One by one, governments in Southeast Asia have announced the lifting of
the mask policies, making living and travel in the region a lot more
similar to pre-pandemic times.
was the first to loosen its mask mandate, making it optional since 23
June for locals and visitors to don face masks in public places.
However, the government encourages the wearing of masks in crowded or
poorly ventilated places.
Other countries have swiftly followed suit.
Singapore also lifted its indoor mask mandate since 29 August. On
flights, mask-wearing requirements will depend on the rules or laws in
the destination country as well as the airline.
In Malaysia, the wearing of face masks in enclosed spaces -- with the
exception of public transport and medical facilities -- has become
optional in Malaysia since 7 September.
Vietnam, too, has relaxed rules for wearing masks in many public
settings since 6 September. Masks are no longer required for public
areas such as supermarkets, movie theatres, restaurants, stadiums, parks
and other outdoor areas.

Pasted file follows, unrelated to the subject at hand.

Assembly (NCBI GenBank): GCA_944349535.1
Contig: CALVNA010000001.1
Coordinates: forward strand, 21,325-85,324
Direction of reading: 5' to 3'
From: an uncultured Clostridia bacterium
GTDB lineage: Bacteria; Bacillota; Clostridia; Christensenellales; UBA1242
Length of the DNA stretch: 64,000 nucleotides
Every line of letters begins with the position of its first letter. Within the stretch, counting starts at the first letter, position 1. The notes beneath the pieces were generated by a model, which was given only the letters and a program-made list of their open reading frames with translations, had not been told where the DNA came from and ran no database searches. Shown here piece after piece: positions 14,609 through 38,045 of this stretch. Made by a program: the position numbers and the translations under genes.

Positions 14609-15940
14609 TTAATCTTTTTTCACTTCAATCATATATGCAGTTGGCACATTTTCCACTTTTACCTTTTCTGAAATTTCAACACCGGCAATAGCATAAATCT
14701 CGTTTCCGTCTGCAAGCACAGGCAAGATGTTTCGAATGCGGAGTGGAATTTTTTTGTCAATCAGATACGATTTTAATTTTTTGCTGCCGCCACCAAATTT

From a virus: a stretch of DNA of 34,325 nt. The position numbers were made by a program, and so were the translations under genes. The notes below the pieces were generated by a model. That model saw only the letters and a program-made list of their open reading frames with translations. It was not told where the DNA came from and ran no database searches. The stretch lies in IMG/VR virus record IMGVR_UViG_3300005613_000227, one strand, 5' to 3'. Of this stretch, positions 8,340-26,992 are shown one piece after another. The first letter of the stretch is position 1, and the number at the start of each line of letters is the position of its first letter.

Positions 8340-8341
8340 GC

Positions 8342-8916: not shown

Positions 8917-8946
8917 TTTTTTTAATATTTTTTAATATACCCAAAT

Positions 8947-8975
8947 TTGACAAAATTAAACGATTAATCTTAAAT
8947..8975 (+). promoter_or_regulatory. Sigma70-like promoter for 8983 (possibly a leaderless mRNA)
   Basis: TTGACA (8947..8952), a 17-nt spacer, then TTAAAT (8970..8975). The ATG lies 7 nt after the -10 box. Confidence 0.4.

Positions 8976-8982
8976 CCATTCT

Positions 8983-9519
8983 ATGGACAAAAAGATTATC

Wearing of face masks when outdoors is now optional in the Philippines.
Despite the easing of pandemic rules, it is still common to see the
use of face masks in indoor spaces across Southeast Asia as many locals
continue to take precautions against Covid-19 in their daily lives.
Elsewhere in the region, hospitality and retail businesses in New
Zealand welcomed the government's move to scrap all mask wearing
requirements for customers from 12 September.
“Few people like covering their faces, and it is a barrier to
providing good personal service,” said Restaurant Association chief
executive Marisa Bidois, quoted by local media Stuff.
Since 11 September, the Australian government brought an end to its
mask mandate for both domestic and international flights although most
Australian states still mandate mask wearing on many other forms of